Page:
Perhaps it is little wonder, then, that London has an appetite for the grotesque. Far from shying away from its grizzly past, this city seems well aware that this is part of its appeal. The result is a city that attracts £15 billion worth of tourist spending every year and counting. Former torture site, the Tower of London, is now classified as a World Heritage Sight. Jack the Ripper has his own tour, and every year delighted children brandish toffee apples while Guy Fawkes melts on top of a bonfire into the wet grass. 

But the grotesque is not just blood, guts, war, and death, or as Tim Burton joked to Johnny Depp on his method for preparing the actor for his role as Sweeney Todd: “We squirted blood in your eyes. . . . Several tubes of preparation worked out fine.” In fact, grotesque art originally had nothing to do with guts and blood. The word comes from the discovery in the 1480s of what was thought at the time to be “grottos.” Upon the walls of what turned out to be the palace of Emperor Nero were part man–part animal depictions interweaved with plants and architecture. Classical monsters, centaurs, sirens, and grylles (heads with no bodies but with limbs directly joined). Grotesque art can be seen in this original form along the walls of the Ufizzi Gallery in Florence. One of my favorite sightings is a pan (part goat–part man) shooting an arrow into an old man’s naked buttocks as he trips.

This initial concept of the grotesque as mythical figures is still loosely present in London’s grotesque art. The animal part of pans gave the human audience a sense of distance; the truths of our fears were disguised in amusing, carnivalesque depictions. What Hirst cannot do with a human being, he does with animals. But are these cold artistic expressions and the topsy-turvy world of fetish parties forgetting about the original sense of grotesque as uplifting and optimistic? Hirst admits that for him “the skull is a really great symbol because it doesn’t give you any answers. This optimism and the hope associated with trying to decorate a skull is such a futile thing, to make death more palatable, when it’s totally unpalatable.” I remember Madeleine’s comment that it is about accepting extremes and deformations. By playing the jester you remind your audience and yourself that tomfoolery and deformation are part of life.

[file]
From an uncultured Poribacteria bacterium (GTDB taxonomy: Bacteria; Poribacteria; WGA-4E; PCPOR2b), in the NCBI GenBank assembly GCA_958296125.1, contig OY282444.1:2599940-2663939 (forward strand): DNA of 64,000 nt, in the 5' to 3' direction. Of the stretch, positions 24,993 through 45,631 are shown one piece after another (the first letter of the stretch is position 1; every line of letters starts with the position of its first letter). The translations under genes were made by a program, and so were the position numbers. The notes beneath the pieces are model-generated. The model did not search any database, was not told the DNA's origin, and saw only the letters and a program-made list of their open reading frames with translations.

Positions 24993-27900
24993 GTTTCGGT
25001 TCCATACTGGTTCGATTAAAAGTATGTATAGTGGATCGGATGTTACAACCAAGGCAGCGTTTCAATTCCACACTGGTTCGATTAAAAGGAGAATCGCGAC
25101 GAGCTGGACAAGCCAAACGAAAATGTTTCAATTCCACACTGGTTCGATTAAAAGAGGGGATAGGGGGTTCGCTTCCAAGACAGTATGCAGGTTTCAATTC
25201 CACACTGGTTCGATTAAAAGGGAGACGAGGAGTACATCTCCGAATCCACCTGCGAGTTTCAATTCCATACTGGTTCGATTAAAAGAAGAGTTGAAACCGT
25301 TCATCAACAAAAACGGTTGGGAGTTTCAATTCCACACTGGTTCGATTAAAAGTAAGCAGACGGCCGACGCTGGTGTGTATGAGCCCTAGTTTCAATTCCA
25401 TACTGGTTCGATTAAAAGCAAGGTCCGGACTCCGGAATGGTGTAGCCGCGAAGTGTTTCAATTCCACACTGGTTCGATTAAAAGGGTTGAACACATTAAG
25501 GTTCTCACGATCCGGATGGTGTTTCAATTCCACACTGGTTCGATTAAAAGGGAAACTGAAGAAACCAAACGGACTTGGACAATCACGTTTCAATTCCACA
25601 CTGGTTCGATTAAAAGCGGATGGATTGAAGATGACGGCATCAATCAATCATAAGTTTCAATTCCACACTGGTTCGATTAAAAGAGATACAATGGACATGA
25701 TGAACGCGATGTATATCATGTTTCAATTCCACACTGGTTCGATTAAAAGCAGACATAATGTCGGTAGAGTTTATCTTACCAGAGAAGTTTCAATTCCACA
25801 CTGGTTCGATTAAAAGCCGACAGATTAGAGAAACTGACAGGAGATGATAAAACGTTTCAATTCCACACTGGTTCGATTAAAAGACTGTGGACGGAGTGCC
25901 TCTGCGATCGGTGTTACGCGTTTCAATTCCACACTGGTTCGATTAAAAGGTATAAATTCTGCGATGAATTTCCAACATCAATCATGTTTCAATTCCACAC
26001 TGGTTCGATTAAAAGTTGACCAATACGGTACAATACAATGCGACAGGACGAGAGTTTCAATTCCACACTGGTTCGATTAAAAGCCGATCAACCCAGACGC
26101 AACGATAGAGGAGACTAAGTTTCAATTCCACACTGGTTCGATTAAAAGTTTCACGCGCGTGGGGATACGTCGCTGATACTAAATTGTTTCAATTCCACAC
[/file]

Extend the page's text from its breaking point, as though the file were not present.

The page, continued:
I remember the vampire in the corset, telling me with a flourish of his lace sleeve, “You don’t always get what you want in the real world, which is why you need another life. You might be trapped in a relationship or feel judged, so you need a forum of expression; that’s what the fetish scene is, another life.” The perfect carnival to cope with the real world?

“That is an interesting apologetic for it,” Reverend Hufton from the Clapham Methodist church says, as I pester him for his opinion on fetish parties. “I’m all up for sex. But if the person is not able to experience the quality of relationship which they seek other than at fetish events, then whilst that person is helped, I think there is another route in the real world. If you think ‘I am a worm,’ then I say come on, wake up, because that’s not what you are called to be. Not to be boring-goody-goody, but to be fully human.” 

As I sit in Reverend Hufton’s living room, I try and explain the difference between Torture Garden “pain” and “pain as suffering.” I hint that the pain inflicted in this carnivalesque way is a challenge, an experiment, useful for artists. But I hear myself speak, and I sound like I am promoting self-flagellation. I wonder how close to the grotesque I have to get to get the grotesque? If you were to get right up close to it, what would you turn into? An artist? A jester? A fetishist? I could always follow the vampire’s advice and make the most of London’s “huge audience of willing submissive men by becoming a full-time dominatrix.” I turn to London. It hunches its mighty shoulders, as if to say, “You can be whatever you want.” As Dickens said, this city is “frightful with excess of human life,” and it seems to me that this is just how London likes it.


Tessa Ditner is half French and half English, which is the main problem. She is a Cambridge University philosophy graduate from Corpus Christi College, where she got told off constantly for putting on plays instead of writing essays on free will. She specialized in literary journalism at Roehampton University during her MA, because it seemed so wonderfully nosey. You can follow her misadventures in London’s art and theater scene on Twitter @CultureKiddo.